Russ Cooper is a retired tugboat captain who worked on the waterfront for over 40 years. His family started and ran Westminster Tugboats, and he knew early that he wanted to work on the water. He tells the story of how his grade 1 workbook asked the question “What do you want to be when you grow up?” and how he knew that the answer was “tugboat captain.” He shares his story of being a tugboat captain, and the various changes to the fleet of his company in the face of an evolving industry. He discusses the volatile business environment among the competitors on the water, and the various companies that made and make up the industry throughout his time. In his career he worked for Marpole Towing, Gilley Brothers, Western Tug and Barge and Vancouver Tug before he returned to Westminster Tugs for the remainder of his career.
This recording is an interview with sex worker and former New Westminster resident, Susan Davis. The major themes discussed are sex work, activism, safety, transgender, clients, the Internet, New Westminster, and Vancouver.
Brian Debeck worked on and off the water in the Lower Mainland of British Columbia since the 1960s. His work experiences involve mills, fisheries, ships, warehouses and docks and he ultimately became the union representative of the Retail and Warehouse Union in BC. He tells stories from his first work at the Canada Rice Mill in Richmond to his time as a union representative at the international convention in Miami. The BC union eventually broke away from the international union and formed separately in BC. Debeck discusses the changes to the transportation sector in BC, and links various historical changes to changes he has observed in his work. Companies mentioned in the interview are Burrard Trucking, Burlington Northern Railway, Safeway, Labatt Breweries and Georgia Straight.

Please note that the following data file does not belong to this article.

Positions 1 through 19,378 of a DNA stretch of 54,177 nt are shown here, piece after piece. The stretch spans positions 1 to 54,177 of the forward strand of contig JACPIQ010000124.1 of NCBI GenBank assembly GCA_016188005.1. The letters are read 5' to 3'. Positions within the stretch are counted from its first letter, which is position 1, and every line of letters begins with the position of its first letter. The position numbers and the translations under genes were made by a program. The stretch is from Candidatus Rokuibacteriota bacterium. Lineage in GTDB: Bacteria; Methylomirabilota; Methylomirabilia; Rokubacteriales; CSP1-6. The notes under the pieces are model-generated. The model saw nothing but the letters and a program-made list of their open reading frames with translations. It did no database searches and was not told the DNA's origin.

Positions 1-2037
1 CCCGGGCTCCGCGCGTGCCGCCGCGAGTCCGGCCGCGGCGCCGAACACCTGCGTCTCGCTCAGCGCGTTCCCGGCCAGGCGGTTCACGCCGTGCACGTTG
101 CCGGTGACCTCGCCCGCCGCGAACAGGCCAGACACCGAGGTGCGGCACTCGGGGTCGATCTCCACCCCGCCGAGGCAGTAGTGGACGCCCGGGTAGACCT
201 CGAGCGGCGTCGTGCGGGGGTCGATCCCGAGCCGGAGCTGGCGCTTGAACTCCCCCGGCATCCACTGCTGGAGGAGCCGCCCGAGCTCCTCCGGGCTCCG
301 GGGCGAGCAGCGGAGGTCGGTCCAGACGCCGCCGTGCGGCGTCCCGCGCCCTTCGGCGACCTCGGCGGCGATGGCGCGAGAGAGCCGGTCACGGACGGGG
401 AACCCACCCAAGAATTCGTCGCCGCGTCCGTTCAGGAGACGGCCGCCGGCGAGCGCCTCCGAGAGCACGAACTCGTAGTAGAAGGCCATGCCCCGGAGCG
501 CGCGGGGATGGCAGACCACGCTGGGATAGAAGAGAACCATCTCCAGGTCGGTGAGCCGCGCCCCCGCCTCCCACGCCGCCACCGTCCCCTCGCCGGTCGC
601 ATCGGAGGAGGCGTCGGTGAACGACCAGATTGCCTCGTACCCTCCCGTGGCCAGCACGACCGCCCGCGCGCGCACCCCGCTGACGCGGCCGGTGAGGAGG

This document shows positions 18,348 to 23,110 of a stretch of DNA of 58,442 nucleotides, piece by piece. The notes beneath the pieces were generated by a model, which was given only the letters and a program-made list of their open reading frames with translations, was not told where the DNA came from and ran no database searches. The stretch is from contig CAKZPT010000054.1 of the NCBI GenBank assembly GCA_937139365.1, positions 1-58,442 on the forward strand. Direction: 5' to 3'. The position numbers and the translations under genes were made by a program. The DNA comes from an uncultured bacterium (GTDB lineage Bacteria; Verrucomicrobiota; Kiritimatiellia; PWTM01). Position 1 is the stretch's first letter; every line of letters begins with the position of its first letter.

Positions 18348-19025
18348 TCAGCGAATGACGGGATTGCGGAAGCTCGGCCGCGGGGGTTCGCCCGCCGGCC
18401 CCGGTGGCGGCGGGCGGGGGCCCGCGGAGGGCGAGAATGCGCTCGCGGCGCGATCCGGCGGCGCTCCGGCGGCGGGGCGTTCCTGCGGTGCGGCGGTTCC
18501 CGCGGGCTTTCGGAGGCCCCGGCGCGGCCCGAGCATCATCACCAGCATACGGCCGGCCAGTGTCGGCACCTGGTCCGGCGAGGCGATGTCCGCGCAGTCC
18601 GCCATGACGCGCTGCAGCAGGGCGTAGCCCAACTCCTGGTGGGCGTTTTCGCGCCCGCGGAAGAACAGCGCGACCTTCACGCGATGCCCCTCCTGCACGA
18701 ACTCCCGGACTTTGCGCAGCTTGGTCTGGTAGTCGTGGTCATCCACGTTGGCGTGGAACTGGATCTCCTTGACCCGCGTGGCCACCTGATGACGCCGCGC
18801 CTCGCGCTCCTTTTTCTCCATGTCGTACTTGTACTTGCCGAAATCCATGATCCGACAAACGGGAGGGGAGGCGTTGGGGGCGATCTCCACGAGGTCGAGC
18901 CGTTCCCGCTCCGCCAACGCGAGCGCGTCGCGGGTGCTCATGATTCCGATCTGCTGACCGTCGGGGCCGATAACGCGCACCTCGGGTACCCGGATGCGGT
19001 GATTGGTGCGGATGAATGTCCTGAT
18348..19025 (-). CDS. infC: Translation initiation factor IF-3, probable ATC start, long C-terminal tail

Interviews conducted 20 Januaary and 14 April 2014
Allen Domaas, a New Westminster native, got his first job with the New Westminster Harbour Commission in 1973 after a conversation with the harbour master at the local grocery store. At the time, he was a student at University of British Columbia, but he dropped out and started work the following Monday. Domaas worked his way up and eventually became the President & CEO (harbour master) of the Fraser River Harbour Commission (Port Authority). In this second interview he shares his insights on the developments of the various ports, the fluctuations in port activity, technological changes and stakeholder interactions.
The Fraser River Harbour Commission became a Port Authority in 1998. In the interviews, Domaas uses Harbour Commission and Port Authority interchangeably.